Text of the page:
Barclays Says Complaints Decline 26% on Fewer PPI ClaimsStephen Morris
Barclays Plc, the U.K.’s second-largest lender, said complaints fell 26 percent to 284,342 in the first half as fewer customers sought redress for improperly sold loan insurance.
Payment-protection insurance, or PPI, claims dropped 37 percent to 182,564 compared with the same period last year, the lender said in a statement today. Mortgage-related complaints rose 40 percent to 5,900, and other banking issues increased 12 percent to 91,198, according to data U.K. banks must report to the Financial Conduct Authority, Britain’s regulator.
U.K. banks have reported complaints data to regulators for the last four years after they sold about 45 million PPI policies valued at 44 billion pounds ($73 billion) from 1990 to 2010, many of which were unsuitable for customers or didn’t provide the expected benefits. The FCA said today banks have to reassess 2.5 million PPI claims previously rejected or potentially underpaid due to shortcomings in their criteria.
Royal Bank of Scotland Group Plc, the U.K.’s largest state-owned lender, said total customer complaints dropped 25 percent to 215,993 in the first half compared with the same period a year earlier. Complaints linked to PPI fell 24 percent to 123,086 in the first half from 162,781 in the second half of 2013. The bank also said it’s investing 20 million pounds in a new complaints-management system.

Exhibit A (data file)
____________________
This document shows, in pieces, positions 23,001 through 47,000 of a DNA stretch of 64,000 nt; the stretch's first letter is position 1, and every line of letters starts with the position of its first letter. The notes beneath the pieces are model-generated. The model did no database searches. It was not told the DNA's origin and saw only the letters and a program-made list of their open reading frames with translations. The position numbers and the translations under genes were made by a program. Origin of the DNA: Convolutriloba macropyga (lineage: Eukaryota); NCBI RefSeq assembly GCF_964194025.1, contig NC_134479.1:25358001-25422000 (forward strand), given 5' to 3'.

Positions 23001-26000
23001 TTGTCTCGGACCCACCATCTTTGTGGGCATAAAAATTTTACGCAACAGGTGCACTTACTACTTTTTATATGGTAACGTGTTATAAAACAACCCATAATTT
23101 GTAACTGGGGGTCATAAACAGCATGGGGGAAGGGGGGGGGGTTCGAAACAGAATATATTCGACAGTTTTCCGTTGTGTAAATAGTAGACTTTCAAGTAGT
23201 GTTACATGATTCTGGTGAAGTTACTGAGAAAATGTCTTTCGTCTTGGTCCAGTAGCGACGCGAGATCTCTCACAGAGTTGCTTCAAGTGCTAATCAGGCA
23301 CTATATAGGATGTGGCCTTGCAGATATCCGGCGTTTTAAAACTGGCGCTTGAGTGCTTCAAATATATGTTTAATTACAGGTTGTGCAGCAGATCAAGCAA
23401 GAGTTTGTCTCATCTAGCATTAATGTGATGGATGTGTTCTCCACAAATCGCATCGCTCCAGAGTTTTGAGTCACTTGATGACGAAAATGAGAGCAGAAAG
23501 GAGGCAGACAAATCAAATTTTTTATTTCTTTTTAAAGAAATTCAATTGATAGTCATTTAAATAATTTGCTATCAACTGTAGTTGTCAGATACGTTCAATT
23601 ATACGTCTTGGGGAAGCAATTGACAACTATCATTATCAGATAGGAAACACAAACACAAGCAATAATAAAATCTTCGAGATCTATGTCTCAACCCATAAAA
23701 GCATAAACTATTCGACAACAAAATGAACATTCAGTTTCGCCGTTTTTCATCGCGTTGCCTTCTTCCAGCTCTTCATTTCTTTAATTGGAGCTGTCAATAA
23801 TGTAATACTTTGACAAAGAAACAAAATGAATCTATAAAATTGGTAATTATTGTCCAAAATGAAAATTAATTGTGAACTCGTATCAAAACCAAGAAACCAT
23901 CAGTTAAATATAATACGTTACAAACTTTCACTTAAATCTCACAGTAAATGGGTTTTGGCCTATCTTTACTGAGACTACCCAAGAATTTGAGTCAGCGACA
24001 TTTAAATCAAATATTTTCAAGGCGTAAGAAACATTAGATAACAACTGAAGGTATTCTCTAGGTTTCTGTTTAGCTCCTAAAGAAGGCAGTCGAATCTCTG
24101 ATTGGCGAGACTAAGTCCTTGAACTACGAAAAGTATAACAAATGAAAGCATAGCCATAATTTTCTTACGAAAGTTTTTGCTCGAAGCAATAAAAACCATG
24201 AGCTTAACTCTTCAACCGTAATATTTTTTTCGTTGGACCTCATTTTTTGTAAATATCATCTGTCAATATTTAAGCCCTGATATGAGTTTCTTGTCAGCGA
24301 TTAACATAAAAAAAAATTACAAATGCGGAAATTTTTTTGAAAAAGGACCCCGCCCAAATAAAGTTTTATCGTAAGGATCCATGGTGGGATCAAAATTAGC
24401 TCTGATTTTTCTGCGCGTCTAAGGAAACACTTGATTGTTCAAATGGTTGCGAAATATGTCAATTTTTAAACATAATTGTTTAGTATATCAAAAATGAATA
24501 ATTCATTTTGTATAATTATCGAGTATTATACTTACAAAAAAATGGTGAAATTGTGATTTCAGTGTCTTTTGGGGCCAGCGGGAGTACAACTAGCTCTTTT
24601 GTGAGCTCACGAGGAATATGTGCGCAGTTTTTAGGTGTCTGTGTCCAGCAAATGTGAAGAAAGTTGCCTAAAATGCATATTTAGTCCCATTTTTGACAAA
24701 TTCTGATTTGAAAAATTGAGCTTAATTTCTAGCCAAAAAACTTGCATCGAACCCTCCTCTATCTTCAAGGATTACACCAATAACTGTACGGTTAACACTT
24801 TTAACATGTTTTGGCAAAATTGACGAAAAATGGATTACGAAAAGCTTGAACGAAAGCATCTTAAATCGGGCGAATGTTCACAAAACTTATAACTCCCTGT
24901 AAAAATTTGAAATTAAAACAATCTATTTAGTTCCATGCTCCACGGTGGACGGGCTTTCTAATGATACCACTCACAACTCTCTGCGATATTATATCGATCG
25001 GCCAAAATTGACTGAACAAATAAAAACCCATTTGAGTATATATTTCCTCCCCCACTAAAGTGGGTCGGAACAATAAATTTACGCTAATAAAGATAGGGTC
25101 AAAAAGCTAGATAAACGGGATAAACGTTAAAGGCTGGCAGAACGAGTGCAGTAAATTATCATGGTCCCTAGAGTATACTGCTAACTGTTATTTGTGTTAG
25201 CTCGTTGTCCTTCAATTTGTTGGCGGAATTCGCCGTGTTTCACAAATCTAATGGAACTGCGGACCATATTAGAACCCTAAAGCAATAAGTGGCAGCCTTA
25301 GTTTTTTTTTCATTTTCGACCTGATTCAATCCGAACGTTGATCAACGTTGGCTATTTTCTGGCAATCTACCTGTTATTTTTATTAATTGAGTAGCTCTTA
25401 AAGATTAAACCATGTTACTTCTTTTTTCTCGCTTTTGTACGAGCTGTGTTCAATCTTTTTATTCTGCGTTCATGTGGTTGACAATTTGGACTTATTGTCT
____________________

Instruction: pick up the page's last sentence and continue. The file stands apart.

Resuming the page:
Lloyds Banking Group Plc said first-half non-PPI complaints rose 24 percent to 129,469, driven by regulators’ changes to the rules around mortgage applications and claims-management companies. Banking complaints climbed 27 percent to 83,785, the lender said. The bank has set aside more than 10 billion pounds to compensate clients for PPI claims.
Barclays has taken 4.85 billion pounds of charges for mis-selling PPI to customers, including a 900 million-pound charge this year, hindering Chief Executive Officer Antony Jenkins’s attempts to change the culture of the London-based bank following its 2012 fine for rigging the Libor benchmark interest rate. The lender may also face another $2 billion in conduct costs for its alleged rigging of currency markets and lying to clients about its U.S. dark-pool trading venue, Sanford C. Bernstein Ltd. estimated this month.
“We are constantly making improvements to our day-to-day customer experience, however our banking complaint figures reflect some significant one-off changes in the first half,” Matt Hammerstein, head of client and customer experience at Barclays, said in the statement.